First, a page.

UGL wins 2014 PACE Best Fieldbus Implementation Award

PACE Zenith Awards 2014: Best Fieldbus Implementation
sponsored by Beckhoff

Project: Eastern Tertiary Alliance

Built in 1975, the Eastern Treatment Plant (ETP) in Bangholme, south-east of Melbourne is the largest activated sludge wastewater treatment plant in the southern hemisphere, and processes over 40% (700 Mega litres per day) of Melbourne’s sewage in the service of approximately 1.6 million people.

Effluent from the plant was historically treated to Class C recycled water quality (secondary effluent with chloramine disinfection). The Class C water serviced a range of re-use customers and the remaining flows were pumped to a near-shore ocean discharge point at Boags Rocks on the southern Mornington Peninsula.

With the upgrade of the tertiary treatment, Melbourne Water has been able to significantly improve the quality of water discharged to the marine environment and at the same time produce high quality Class A recycled water.

The treatment process includes Ozone dosing, Biological Media Filters plus UV and Chlorine for disinfection. The project included the design, construction and commissioning of the ATTP. In March 2010 Melbourne Water entered into an alliance agreement with four private sector partners which formed the Eastern Tertiary Alliance.


UV reactors in operation at Melbourne's Eastern Treatment Plant

The organisations were UGL, Melbourne Water, Baulderstone, Black & Veatch and KBR.

The objective was to provide Melbourne Water with a control system that combines robustness and high availability to be able to operate under demanding conditions in a 24/7 environment.

For seamless integration with the existing plant, the Siemens PCS7TM platform was selected for the new plant. The plant required a reliable control system for high availability and to deal with the enormous amount of data communicated over the plant networks.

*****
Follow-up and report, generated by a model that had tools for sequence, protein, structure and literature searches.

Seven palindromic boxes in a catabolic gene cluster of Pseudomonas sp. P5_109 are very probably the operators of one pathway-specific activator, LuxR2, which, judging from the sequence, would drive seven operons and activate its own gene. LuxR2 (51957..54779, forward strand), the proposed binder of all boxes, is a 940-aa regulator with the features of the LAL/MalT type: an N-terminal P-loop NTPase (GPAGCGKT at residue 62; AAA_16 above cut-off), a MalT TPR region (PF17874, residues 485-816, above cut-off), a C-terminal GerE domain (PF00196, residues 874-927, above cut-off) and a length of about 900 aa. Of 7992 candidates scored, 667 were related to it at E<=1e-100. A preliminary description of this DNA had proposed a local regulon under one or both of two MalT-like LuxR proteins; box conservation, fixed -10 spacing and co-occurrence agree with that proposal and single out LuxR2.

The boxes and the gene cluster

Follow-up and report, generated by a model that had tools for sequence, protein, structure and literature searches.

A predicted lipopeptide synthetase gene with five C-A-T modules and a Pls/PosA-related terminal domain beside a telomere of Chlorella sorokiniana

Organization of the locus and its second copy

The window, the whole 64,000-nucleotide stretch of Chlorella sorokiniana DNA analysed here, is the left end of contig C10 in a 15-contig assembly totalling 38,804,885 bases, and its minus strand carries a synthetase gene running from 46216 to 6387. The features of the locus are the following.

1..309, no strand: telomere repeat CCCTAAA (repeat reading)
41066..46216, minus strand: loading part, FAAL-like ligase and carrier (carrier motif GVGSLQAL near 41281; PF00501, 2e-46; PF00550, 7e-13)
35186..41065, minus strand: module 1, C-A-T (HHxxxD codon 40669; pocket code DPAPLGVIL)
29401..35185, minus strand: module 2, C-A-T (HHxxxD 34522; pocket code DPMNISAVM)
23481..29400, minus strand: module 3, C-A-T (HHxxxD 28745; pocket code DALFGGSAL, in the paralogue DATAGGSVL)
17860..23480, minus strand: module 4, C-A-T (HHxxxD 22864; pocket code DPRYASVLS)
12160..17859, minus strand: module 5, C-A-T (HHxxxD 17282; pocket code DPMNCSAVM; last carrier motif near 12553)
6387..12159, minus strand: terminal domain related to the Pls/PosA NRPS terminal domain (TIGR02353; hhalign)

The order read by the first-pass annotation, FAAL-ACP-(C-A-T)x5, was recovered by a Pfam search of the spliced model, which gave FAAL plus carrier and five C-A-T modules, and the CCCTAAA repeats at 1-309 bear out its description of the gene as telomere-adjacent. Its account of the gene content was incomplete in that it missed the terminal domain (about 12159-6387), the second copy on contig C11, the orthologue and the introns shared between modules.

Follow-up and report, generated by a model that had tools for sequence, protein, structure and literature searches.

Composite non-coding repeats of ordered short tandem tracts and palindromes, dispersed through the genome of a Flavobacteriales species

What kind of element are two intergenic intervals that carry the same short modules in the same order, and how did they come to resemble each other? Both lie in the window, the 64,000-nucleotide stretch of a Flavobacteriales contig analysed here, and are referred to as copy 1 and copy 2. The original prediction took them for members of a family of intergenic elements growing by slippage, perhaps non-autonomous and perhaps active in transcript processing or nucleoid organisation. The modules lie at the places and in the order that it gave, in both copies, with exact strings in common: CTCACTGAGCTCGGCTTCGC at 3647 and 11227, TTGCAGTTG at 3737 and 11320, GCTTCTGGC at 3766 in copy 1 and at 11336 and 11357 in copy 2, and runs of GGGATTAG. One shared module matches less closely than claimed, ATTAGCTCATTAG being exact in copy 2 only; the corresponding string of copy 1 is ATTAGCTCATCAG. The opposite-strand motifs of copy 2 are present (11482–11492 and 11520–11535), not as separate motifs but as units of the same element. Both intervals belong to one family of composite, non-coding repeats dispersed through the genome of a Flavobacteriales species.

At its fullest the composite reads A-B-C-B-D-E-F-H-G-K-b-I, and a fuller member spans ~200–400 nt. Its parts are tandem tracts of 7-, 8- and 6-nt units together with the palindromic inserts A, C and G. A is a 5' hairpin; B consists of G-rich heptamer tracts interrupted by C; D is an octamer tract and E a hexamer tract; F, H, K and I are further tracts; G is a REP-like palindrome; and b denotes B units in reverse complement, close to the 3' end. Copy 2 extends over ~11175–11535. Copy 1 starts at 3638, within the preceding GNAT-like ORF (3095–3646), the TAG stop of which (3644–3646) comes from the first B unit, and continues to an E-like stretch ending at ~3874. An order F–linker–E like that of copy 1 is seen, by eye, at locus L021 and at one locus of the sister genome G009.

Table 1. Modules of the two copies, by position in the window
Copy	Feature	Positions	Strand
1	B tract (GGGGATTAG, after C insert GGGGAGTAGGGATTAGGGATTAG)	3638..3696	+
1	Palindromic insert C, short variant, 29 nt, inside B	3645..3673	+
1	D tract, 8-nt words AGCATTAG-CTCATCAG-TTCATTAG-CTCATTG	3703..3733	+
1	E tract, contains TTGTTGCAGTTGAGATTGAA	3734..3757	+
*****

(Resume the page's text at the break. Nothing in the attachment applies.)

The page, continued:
Several fieldbus/network technologies are utilized around the plant, including Ethernet, Profibus and HART.

Two fibre optic ring networks are installed for Ethernet communications:

  1. PCS Data LAN. All the Operator Workstations, Engineering Workstation, Historian Server, Backup Server, Printers and two HMI Servers, operating as a redundant system, are connected to this network. It also provides the interface to the servers at the existing plant thus enabling viewing and control of both plants from all locations.
  2. Control LAN. This network is the backbone for the control system and allow for high speed communication between the plant PLCs and vendor equipment like the Ozone Master Control Panel, UV Master Control Panel and VPSA Control Systems. The two HMI Servers mentioned previously collect data and relay control signals to and from the control systems. The managed Ethernet switches in the Server Rooms provide connections to the existing system.

The managed Ethernet Switches in each network are operating at 1000Mbps.


Plant inlet and tertiary supply pump station

With an already high level of redundancy provided by utilizing ring networks for Ethernet, the control system needed an extra level of redundancy to cater for high availability of the plant.